In musical terms, Toronto is the New York City of Canada. The city is the country’s musical proving ground and the catalyst to fame, fortune, and global touring for many of Canada’s biggest stars. Drake, for instance, is from Toronto and one of the biggest names to call the city home. So is Abel Tesfaye, better known as The Weeknd, and Shawn Mendes. Steppenwolf and Rush made the moves here back in your parents’ day, and Avril Lavigne, originally from Belleville, Ontario, cut her chops here. So did her ex-husband, Deryck Whibley, and his band Sum 41.
The coolest thing about all of this is that you can actually visit many of the clubs where these artists played on their way up, and no matter what time of year you visit, there’s likely a major headliner in town. Here’s where to see them, along with Toronto’s rising talent, on a trip to the city.
To see big-name stars and diehard touring bands
Drake is a busy guy, but if you happen to be in town at the same time as he is, Scotiabank Arena is where you’ll find him. Scotiabank is the top-tier venue in town and one of the only places in the world where you can eat poutine and watch Bon Jovi at the same time. This year’s headliners include the Backstreet Boys, John Mayer, and Khalid, each of which promises an epic light show and expensive parking (so take the Metrolinx in). Holding just under 20,000 people, this arena in the South Core district is also the home of the now-world champion Toronto Raptors and the Toronto Maple Leafs, so it’s also a great spot to see and be seen even when there’s not a big-name concert happening.
Where: 40 Bay St.
The Danforth Music Hall
Smaller than Scotiabank Arena but bringing in equally killer artists, the Danforth was built 100 years ago and offers the vibe of a theater that has been rocking for about that long. The acoustics catapult off the walls, and the open floor below tends to get rowdy. You can escape to the second level balcony if that’s more your style. The coolest thing about this place is that you can really feel that dark rock club vibe but in a place professional (and large) enough that acts like Justin Bieber and Chance The Rapper still prefer to perform here.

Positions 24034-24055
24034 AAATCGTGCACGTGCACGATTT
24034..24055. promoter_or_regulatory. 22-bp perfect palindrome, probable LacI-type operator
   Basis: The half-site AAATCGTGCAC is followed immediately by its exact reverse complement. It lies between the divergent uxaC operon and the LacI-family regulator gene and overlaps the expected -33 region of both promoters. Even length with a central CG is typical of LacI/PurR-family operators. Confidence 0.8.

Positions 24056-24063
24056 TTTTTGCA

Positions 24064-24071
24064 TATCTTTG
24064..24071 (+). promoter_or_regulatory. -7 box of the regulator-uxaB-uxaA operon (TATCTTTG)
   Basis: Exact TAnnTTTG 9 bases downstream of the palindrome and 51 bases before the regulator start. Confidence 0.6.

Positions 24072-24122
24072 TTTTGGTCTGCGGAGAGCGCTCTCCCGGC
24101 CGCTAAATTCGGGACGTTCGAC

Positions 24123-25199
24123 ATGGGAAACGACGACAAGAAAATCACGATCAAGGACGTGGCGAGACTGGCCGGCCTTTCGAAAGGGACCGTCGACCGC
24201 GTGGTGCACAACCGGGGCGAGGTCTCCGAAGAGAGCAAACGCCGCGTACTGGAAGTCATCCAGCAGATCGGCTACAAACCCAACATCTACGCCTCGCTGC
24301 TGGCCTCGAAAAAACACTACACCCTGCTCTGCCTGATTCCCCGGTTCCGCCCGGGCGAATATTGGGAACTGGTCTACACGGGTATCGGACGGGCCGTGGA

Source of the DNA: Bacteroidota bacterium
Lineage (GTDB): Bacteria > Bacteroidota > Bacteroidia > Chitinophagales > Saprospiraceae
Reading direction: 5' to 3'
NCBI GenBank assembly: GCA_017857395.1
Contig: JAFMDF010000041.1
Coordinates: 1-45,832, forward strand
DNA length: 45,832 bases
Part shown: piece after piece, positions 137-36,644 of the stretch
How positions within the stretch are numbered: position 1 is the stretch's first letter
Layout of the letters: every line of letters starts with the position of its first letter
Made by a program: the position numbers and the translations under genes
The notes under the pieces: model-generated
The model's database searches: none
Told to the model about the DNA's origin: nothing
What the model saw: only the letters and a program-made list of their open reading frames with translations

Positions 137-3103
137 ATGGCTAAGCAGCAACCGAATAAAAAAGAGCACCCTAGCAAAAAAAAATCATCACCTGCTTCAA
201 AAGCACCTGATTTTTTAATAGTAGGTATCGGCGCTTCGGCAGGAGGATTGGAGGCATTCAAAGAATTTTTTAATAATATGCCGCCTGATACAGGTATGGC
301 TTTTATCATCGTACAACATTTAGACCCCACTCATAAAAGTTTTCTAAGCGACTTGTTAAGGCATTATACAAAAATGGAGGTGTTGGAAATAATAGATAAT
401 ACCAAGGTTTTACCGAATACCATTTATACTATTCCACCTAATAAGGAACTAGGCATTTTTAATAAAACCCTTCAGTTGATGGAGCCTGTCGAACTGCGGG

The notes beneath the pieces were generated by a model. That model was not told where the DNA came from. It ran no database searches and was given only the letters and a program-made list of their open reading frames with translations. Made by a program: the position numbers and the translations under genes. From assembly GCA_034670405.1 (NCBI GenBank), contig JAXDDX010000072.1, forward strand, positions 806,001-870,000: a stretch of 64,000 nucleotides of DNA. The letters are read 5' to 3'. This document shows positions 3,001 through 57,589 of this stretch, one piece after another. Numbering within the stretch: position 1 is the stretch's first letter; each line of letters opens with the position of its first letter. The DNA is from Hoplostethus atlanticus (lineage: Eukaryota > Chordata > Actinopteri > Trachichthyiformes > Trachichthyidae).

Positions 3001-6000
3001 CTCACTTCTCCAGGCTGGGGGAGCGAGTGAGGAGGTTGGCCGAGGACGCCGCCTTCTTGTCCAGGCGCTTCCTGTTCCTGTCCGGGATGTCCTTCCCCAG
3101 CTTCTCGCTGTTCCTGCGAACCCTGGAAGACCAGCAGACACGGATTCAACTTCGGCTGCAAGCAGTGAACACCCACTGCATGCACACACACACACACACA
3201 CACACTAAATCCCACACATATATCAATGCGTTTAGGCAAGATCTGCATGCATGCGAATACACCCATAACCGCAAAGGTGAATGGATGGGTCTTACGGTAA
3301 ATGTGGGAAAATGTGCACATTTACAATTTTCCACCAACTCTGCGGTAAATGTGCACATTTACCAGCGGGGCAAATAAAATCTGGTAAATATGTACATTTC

Where: 147 Danforth Ave.
The Cameron House
No matter the night, you’re able to see a full lineup of touring bands at The Cameron House. The club has two separate venues, often both running concerts simultaneously across the roots and rock, and you might even be lucky enough to catch a big name performing a stripped-down acoustic show.
Where: 408 Queen St. W
To experience Toronto’s local music scene
It’s obvious when a venue is all about the music. This is the case at The Hideout, where a carefully curated roster of local and touring bands performs on a nightly basis. The sound is great, and there’s plenty of space on the floor to rock out with other people looking to do the same. You might catch rock and roll one night and alt-country the next, but whoever is playing is bound to put on a solid show. If you’re a true music fan — you attend shows because you want to feel the passion emanating from the stage — The Hideout is going to be a tough place not to hit every night while you’re in town.